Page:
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Medal to a British Veteran of the Napoleonic Wars


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Just thought I would share with you an image of a Waterloo medal in my collection.  William Clements was a soldier in the 40th (2nd Somersetshire) Regiment of Foot who was a veteran of the campaigns:in Holland, Egypt, South America, Peninsula War, North America and Waterloo.  During his service he was wounded in the Egyptian campaign (1801-02) and again at the attack on the city of Buenos Ayres (1807).  In addition, he survived the wrecking of the transport ship Baring in Bantry Bay, Ireland in October 1814 when en route to North America during the war of 1812.  Returning from America in 1815 his regiment was sent straight to Flanders where Clements was engaged against Napoleon's forces at the memorable battle of Waterloo. 

I particuarly like the unofficial engraved suspension and engraved slide fitted to his Waterloo medal.  He did not survive long enough to claim a Military General Service Medal for his services in the Peninsula War (1808-14).

Paul


 

Clements Waterloo obverse.JPG

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Paul, 

thanks for sharing, the Waterloo medal is my favourite campaign medal. What a fantastic medal you have there and quite the story.   I really like the period ribbon and - like you - the 'personal accoutrements'.  Yours, jealously, Owen!

 

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7 hours ago, Owen said:

Paul, 

thanks for sharing, the Waterloo medal is my favourite campaign medal. What a fantastic medal you have there and quite the story.   I really like the period ribbon and - like you - the 'personal accoutrements'.  Yours, jealously, Owen!

 

Owen,

Thanks for reading my post.  I too like the Waterloo medal. Clements saw quite a bit of action in his time in the army.  He was discharged in 1819 by which time he was a Sergeant (he had previously lost that rank a couple of times during his career).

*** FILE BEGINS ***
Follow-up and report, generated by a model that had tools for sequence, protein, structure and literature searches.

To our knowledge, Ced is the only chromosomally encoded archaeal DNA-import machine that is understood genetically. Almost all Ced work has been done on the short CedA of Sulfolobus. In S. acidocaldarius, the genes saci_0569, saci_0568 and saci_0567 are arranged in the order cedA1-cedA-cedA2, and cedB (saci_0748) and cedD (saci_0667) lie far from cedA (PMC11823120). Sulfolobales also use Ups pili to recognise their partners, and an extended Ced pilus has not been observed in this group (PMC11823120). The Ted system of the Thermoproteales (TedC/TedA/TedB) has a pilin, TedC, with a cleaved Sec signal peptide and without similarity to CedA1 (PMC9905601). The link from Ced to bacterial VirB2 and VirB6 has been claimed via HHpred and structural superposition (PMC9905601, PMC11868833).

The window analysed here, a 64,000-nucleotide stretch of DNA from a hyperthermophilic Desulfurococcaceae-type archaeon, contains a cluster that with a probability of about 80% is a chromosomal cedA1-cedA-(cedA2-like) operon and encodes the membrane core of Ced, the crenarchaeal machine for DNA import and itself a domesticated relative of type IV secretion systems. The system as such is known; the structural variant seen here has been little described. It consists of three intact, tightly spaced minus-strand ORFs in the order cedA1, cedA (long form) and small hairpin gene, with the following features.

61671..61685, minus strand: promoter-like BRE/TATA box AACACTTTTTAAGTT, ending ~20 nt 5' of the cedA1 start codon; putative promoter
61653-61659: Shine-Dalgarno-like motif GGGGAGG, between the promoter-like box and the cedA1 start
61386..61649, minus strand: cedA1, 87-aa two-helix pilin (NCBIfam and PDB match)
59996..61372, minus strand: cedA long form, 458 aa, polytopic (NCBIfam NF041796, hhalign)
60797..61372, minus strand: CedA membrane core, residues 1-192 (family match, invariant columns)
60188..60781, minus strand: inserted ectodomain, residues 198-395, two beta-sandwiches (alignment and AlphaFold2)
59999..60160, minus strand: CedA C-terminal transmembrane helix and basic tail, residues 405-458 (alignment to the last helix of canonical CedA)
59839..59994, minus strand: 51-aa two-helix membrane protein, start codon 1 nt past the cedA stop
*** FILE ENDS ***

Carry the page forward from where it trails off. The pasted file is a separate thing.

Paul

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Paul.

Very nice medal, thanks for sharing, is your interest confined to the Napoleonic era or do you have medals to other periods? Either way I'm sure we would like to see more of your collection, especially if they are of such a similar high standard.

 

All the best Simon

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34 minutes ago, coldstream said:

Paul.

Very nice medal, thanks for sharing, is your interest confined to the Napoleonic era or do you have medals to other periods? Either way I'm sure we would like to see more of your collection, especially if they are of such a similar high standard.

 

All the best Simon

Hello Simon, 

Glad you liked Clements' medal.  I was attracted to it by the recipient's breadth of service and the look of the medal.
I also have interests in the early Victorian campaigns in India (Sutlej to Mutiny).  I'll dig out some photos of a couple of other medals that I have which I think have interesting stories.

Paul

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15 hours ago, Paul_1957 said:

Owen,

Thanks for reading my post.  I too like the Waterloo medal. Clements saw quite a bit of action in his time in the army.  He was discharged in 1819 by which time he was a Sergeant (he had previously lost that rank a couple of times during his career).

Paul

Paul,

Seems we have similar interests - I also have a small collection to the early Victorian wars in India.  For me it's the possibility, for the long service soldiers, to have served in the Napoleonic campaign, Waterloo, India (Army of India Medal) and into the Gwalior etc/Punjab/Sutlej battles...although only ever personally seen one group that spans this whole period.   Makes for great research reading.